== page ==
On-air challenge: Every answer today is a word, name, or phrase ending on the accented syllable "lay" — in any spelling.
Ex. French city overlooking the Strait of Dover --> CALAIS
1. Person who parks cars at a restaurant
2. Slice of boneless meat or fish
3. Lose by putting in a place you can't remember
4. Put to rest, as fears
5. French red wine
6. Cry at a bullfight
7. Brand of skin cream and beauty products
8. French for "with milk" (2 wds.)
9. French for "sun"
10. Skiers' cabin in the Alps
11. Poet Edna St. Vincent
12. [Fill in the blank:] Crème ___ (custard dessert)
13. Car with a roof that folds down
14. Renaissance writer François
15. Singer Robert who won a Tony for his role in "The Happy Time"
16. "Swan Lake," for example
Last week's challenge: It comes from listener Chad Graham, of Philadelphia. Think of a common Britishism — a word that the British use that's not common in the U.S. Write it in all capital letters. Turn it upside-down (that is, rotate it 180 degrees). The result is a famous hero of books and movies. Who is it?
Challenge answer: LOO — 007
Winner: Jerry Cordaro of Cleveland, Ohio.
This week's challenge: It comes from listener Ed Pegg Jr. Think of something that gets people moving vertically. Remove the middle two letters, and you get something that moves people horizontally. What two things are these?
If you know the answer to next week's challenge, submit it here by Thursday, Aug. 12, at 3 p.m. ET. Listeners who submit correct answers win a chance to play the on-air puzzle. Important: Include a phone number where we can reach you.
In this week's puzzle with Will Shortz, the clue "Singer Robert who won a Tony for his role in 'Camelot'," should have read "Singer Robert who won a Tony for his role in 'The Happy Time'."
LULU GARCIA-NAVARRO, HOST:
And it's time to play The Puzzle.
(SOUNDBITE OF MUSIC)
GARCIA-NAVARRO: Joining us is Will Shortz. He's puzzle editor of The New York Times and WEEKEND EDITION'S very own puzzlemaster. Hello, Will.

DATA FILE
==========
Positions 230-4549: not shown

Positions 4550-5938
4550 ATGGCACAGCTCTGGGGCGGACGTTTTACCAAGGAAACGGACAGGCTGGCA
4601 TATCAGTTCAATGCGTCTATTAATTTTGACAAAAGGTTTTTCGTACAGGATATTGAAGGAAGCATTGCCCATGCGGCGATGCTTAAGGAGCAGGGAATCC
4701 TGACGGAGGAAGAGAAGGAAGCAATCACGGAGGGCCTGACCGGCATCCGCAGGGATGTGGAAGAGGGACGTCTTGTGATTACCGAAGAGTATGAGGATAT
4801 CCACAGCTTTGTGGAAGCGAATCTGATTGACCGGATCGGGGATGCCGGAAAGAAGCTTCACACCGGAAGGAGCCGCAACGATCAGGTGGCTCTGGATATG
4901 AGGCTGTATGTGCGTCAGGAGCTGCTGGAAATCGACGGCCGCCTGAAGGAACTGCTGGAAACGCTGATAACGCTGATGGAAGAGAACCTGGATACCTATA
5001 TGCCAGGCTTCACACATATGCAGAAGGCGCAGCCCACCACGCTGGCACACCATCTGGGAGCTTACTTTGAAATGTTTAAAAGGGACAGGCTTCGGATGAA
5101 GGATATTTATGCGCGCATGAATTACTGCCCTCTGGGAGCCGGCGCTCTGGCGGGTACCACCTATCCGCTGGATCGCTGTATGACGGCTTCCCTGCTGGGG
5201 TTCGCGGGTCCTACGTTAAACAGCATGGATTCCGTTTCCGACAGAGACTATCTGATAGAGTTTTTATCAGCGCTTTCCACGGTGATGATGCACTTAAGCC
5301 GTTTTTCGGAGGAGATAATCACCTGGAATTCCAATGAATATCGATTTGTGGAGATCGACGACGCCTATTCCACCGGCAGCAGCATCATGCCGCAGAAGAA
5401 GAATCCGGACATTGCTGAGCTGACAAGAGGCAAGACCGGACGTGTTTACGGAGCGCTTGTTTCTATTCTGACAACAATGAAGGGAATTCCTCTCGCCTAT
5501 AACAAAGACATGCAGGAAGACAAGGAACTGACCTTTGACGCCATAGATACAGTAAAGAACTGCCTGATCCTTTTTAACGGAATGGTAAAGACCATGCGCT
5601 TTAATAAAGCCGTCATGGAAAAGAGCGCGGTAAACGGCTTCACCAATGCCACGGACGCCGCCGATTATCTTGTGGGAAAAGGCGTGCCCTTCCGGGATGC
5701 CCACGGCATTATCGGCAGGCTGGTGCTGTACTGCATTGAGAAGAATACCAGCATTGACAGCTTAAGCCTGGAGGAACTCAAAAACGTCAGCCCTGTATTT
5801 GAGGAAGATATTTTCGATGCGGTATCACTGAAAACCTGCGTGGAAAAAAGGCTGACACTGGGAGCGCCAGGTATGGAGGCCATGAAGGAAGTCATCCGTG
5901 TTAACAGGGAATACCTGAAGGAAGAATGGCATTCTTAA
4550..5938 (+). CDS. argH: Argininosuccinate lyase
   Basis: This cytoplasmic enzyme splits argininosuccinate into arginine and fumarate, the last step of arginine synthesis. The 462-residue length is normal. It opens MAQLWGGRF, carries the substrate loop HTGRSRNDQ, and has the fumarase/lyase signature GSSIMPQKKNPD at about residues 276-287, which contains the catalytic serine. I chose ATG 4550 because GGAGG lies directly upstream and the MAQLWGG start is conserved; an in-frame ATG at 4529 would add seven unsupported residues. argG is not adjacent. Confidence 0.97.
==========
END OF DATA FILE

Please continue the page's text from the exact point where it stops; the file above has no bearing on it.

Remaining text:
WILL SHORTZ, BYLINE: Hello, Lulu.
GARCIA-NAVARRO: Remind us of last week's challenge.
SHORTZ: Yeah, it came from listener Chad Graham of Philadelphia. I said think of a common Britishism - a word that the British use that's not common in the U.S. I said write it in all capital letters, turn it upside down, and the result is a famous hero of books and movies. Who is it? Well, that answer is LOO, L-O-O, as in the British term for the facilities. Turn it upside down, you get double 007.
GARCIA-NAVARRO: The LOO AND 007. I love it. We had over 500 correct responses from Anglophiles. And the winner is Jerry Cordaro of Cleveland, Ohio. Congratulations, and welcome to the program.
JERRY CORDARO: Thank you, Lulu.
GARCIA-NAVARRO: How did you figure it out?
CORDARO: Well, I made a list of all the letters when you'd flip them over and kept going through. I couldn't figure it out. I couldn't figure it out and then happened to glance at L and went - turn that over. That's a seven. Oh, there we go.
GARCIA-NAVARRO: Are you an Anglophile?
CORDARO: I am an Anglophile. I'm also a word nerd.
GARCIA-NAVARRO: So you are a word nerd. Is this your first run-in with Will?
CORDARO: No, actually, I have gone to the American Crossword Puzzle Tournament several times. And actually, because of Will, this would complete my trifecta. One year, I was in the movie "Wordplay".
CORDARO: And in 2009, I was one of the winners in Group C, so I appeared on the episode of "Dinner: Impossible", which gave me television. And now, thanks to Will again, I've got radio, which is my trifecta...